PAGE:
Email updates

Keep up to date with the latest news and content from BMC Research Notes and BioMed Central.

Open Access Highly Accessed Technical Note

GPU-Q-J, a fast method for calculating root mean square deviation (RMSD) after optimal superposition

Ling-Hong Hung, Michal Guerquin and Ram Samudrala*

Author Affiliations

Department of Microbiology, University of Washington, Seattle WA USA

For all author emails, please log on.

BMC Research Notes 2011, 4:97  doi:10.1186/1756-0500-4-97

Published: 1 April 2011

Abstract

Background

Calculation of the root mean square deviation (RMSD) between the atomic coordinates of two optimally superposed structures is a basic component of structural comparison techniques. We describe a quaternion based method, GPU-Q-J, that is stable with single precision calculations and suitable for graphics processor units (GPUs). The application was implemented on an ATI 4770 graphics card in C/C++ and Brook+ in Linux where it was 260 to 760 times faster than existing unoptimized CPU methods. Source code is available from the Compbio website http://software.compbio.washington.edu/misc/downloads/st_gpu_fit/ webcite or from the author LHH.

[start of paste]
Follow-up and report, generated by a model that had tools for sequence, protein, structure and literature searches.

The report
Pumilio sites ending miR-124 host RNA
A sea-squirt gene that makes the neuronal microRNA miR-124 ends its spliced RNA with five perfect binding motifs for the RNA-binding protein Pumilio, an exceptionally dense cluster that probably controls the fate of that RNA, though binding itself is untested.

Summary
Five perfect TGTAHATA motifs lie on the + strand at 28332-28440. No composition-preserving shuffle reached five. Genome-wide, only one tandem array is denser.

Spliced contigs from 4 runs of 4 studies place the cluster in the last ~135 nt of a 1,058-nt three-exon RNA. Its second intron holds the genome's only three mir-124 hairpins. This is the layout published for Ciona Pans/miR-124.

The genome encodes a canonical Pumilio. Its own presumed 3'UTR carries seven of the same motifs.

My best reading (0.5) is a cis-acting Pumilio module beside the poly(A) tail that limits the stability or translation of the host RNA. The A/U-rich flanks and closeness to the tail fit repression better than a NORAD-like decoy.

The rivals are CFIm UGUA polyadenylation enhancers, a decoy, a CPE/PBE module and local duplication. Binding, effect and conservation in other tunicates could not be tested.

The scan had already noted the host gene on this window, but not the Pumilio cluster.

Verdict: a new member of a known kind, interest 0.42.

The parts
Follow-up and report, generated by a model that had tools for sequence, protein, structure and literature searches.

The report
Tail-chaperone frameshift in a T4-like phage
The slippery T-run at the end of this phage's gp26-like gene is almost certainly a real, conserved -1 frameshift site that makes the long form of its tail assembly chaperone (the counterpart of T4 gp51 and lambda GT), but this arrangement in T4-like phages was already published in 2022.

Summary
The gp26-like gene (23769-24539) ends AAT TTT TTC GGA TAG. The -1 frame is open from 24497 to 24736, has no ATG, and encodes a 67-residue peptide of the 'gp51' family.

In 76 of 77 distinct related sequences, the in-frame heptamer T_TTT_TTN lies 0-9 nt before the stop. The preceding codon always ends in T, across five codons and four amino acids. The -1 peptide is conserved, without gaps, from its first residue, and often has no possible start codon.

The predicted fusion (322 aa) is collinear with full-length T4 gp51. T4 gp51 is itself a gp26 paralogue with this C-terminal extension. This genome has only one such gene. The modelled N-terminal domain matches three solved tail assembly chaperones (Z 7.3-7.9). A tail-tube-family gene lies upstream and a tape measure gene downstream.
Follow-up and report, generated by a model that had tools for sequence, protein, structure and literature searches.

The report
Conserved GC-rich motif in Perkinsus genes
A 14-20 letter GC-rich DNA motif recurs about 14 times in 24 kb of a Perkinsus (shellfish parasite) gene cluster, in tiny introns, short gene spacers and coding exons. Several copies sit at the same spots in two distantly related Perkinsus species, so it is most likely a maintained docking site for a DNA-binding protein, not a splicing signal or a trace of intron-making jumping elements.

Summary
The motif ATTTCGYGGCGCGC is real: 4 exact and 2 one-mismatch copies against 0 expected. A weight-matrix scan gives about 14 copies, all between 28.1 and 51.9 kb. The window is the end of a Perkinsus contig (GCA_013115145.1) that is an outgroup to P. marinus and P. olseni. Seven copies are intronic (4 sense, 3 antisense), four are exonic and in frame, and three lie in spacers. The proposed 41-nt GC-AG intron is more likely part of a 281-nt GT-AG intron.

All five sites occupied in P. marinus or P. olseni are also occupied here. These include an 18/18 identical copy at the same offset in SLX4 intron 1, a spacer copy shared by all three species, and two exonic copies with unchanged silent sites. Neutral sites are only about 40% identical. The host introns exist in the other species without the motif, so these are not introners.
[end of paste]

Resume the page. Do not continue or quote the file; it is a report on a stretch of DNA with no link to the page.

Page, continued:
Findings

The Nutritious Rice for the World Project (NRW) on World Community Grid predicted de novo, the structures of over 62,000 small proteins and protein domains returning a total of 10 billion candidate structures. Clustering ensembles of structures on this scale requires calculation of large similarity matrices consisting of RMSDs between each pair of structures in the set. As a real-world test, we calculated the matrices for 6 different ensembles from NRW. The GPU method was 260 times faster that the fastest existing CPU based method and over 500 times faster than the method that had been previously used.

Conclusions

GPU-Q-J is a significant advance over previous CPU methods. It relieves a major bottleneck in the clustering of large numbers of structures for NRW. It also has applications in structure comparison methods that involve multiple superposition and RMSD determination steps, particularly when such methods are applied on a proteome and genome wide scale.